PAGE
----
Is cyber security being given the prominence and funding it deserves in the boardroom? Despite an ever-growing list of headline-stealing, wide-reaching attacks, there is a sense that senior board members are still not taking the threat as seriously as they should. This statement is supported by Lindy Cameron, a chief executive of the National Cyber Security Centre (NCSC). In October’s keynote speech at Chatham House’s Cyber 2021 conference, Cameron singled out ransomware as the biggest threat to businesses. This assessment came as no surprise to chief technology officers and chief information and security officers. But as the sophistication of attacks evolves, are they translating this rising risk to board members?
The NCSC reported that they handled 723 incidents between 1 September 2019 and 31 August 2020, up from 658 the previous year, around 10% increase YOY. It seems that the conversation must be reframed to a risk discussion. CTO/CIOs and CISO should gain more airtime in the boardroom stressing that cyber risk must be managed and mitigated or else the business could suffer serious reputational damage.
Additional ways to support the importance of cyber risks with the board would be to suggest improving company culture. By making the case that the biggest cybersecurity weakness is human error, CTO/CIOs and CISOs can push for a top-down cultural transformation – a transformation they can drive.
It’s important for the board to recognise that it is not “just” about the company but can also affect them personally, so realising that they could lose their footing at the business if appropriate action is not taken. This happened to Dido Harding, who in 2017 resigned her role as Chief Executive at TalkTalk, eighteen months after the company was hit by a cyber-attack affecting tens of thousands of customers.
Shock tactics: how to make boards realise cyber risk
“The impact of a ransomware attack on victims can be severe,” Cameron said in a recent interview with Raconteur. “I’ve heard powerful testimonies from CEOs facing the repercussions of attacks they were unprepared for. Attacks can affect an organisation’s finances, operations and reputation, both in the short and long term.”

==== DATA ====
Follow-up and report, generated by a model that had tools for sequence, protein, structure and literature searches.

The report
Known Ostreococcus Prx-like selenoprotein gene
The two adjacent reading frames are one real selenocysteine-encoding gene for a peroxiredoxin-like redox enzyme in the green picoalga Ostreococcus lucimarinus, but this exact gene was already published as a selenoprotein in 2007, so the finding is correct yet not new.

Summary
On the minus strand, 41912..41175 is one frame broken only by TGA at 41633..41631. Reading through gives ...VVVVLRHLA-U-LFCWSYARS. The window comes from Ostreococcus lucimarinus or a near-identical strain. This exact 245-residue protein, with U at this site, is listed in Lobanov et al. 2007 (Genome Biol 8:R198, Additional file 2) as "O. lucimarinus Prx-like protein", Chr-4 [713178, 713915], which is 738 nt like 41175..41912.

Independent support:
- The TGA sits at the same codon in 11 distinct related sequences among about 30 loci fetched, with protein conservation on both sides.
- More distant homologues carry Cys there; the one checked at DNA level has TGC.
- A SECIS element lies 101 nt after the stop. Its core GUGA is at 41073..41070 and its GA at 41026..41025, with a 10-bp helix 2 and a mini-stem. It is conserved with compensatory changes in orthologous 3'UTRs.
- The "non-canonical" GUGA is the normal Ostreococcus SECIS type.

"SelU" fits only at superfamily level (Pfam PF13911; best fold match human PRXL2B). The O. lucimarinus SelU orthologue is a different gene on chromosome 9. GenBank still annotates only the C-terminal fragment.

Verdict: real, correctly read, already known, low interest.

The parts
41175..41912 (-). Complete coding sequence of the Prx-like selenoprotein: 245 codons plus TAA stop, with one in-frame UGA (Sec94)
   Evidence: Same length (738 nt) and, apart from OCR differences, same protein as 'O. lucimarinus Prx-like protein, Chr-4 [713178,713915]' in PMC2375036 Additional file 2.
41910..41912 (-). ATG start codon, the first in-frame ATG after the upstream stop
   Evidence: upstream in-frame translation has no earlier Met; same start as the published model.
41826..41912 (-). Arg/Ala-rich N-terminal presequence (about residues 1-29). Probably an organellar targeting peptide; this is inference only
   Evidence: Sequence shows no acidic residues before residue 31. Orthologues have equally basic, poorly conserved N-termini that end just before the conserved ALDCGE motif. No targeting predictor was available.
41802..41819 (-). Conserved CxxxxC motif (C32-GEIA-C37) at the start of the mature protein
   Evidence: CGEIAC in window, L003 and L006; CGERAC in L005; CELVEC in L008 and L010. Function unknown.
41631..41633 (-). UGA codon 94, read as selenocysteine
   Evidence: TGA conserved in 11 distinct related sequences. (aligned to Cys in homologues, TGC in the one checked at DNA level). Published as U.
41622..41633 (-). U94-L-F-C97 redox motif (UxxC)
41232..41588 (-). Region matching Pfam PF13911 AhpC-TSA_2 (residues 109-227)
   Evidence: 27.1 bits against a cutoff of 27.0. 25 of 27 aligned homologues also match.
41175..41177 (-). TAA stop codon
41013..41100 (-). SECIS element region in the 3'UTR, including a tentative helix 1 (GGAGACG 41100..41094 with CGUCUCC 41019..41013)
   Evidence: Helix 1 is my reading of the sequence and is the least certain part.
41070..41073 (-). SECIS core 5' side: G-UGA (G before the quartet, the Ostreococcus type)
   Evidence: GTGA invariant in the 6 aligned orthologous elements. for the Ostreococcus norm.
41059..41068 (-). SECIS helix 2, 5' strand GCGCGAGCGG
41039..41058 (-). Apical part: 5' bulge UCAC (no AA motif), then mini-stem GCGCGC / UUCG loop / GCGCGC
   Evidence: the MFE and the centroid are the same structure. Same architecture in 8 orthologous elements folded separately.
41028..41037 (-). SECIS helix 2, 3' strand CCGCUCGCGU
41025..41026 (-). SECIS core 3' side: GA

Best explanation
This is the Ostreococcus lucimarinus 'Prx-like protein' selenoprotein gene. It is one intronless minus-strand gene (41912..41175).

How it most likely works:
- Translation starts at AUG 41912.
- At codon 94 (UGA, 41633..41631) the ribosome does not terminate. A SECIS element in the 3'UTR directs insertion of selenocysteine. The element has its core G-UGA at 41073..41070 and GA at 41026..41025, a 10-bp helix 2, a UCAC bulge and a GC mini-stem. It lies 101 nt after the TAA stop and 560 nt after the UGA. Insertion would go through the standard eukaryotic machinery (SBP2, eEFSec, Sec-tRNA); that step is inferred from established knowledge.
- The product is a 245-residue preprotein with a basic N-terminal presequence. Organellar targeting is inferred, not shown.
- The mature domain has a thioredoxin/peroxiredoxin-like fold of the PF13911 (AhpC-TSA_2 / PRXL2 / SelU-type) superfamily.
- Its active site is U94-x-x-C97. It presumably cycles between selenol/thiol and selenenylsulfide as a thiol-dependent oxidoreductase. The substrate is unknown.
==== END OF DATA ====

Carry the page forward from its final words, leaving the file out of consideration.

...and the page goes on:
The NCSC CEO warned that boards should not blame their security teams if—or rather when—a breach occurs. Defending against cyberattacks cannot be dismissed as “just a technical issue,” Cameron said. The message was clear: it’s a board-level matter that demands action from the very top of businesses.
To illustrate her point, she added: “A CEO would never say they don’t need to understand legal risk just because they have a General Counsel. The same applies to cybersecurity. We need to go further to ensure good practice is understood and resilience is being built into organisations. Investing resources and time into putting good security practices into place is crucial for boosting cyber resilience.”
A World Economic Forum report—Principles for Board Governance of Cyber Risk, published in March 2021—echoed Cameron’s assessment. It noted: “Cyber risk is among the top risks facing businesses today, and it has become clear that boards, especially, need stronger foundations to govern cyber risks effectively. Companies that effectively manage the entire portfolio of risks, including cyber, do better in the marketplace.”
In terms of ranking risks, cyberattacks are unique. They aren’t readily perceptible and they strike every aspect of an organisation—human resources, finance, operations and more—meaning they are tough to contain without the right processes in place.
Sharing knowledge and ownership
While every risk should have an owner, boards sometimes struggle with clarity around cyber, as it is no longer a sub-risk under IT risk. By raising this as a concern, CTO/CIOs and CISOs will create an opportunity to have a constructive conversation with the board about who the risk belongs to. Determining a shared responsibility will help firm up response and recovery processes.
Is a lack of comprehension at the board level the most significant challenge? Research from the Harvard Business Review, published in September 2020, suggests so. It points out that while many boards are now discussing cyber security more frequently, the true nature of the risk is not well understood.
The discussions with the board needs also to go one level up and change it from cyber security to cyber safety, just by the fact that one understands the risk doesn’t mean that they are secure, to reach cyber safety they’ll need to adopt a more proactive approach, allocate more cyber focused time at board meetings, increase cyber budget and have a process in place.
Board members need to start accepting that cyber breaches are a high risk, and those with expert knowledge can take the opportunity to offer one-on-one training behind closed doors, every board member would likely jump at the opportunity to learn about cybersecurity away from others. Ultimately, this tactic will help further conversations and, more importantly, forge the bond between CTO/CIO or CISO and the lever pullers. With cyber risk likely to expand in the coming years, the strength of that relationship will be increasingly business critical.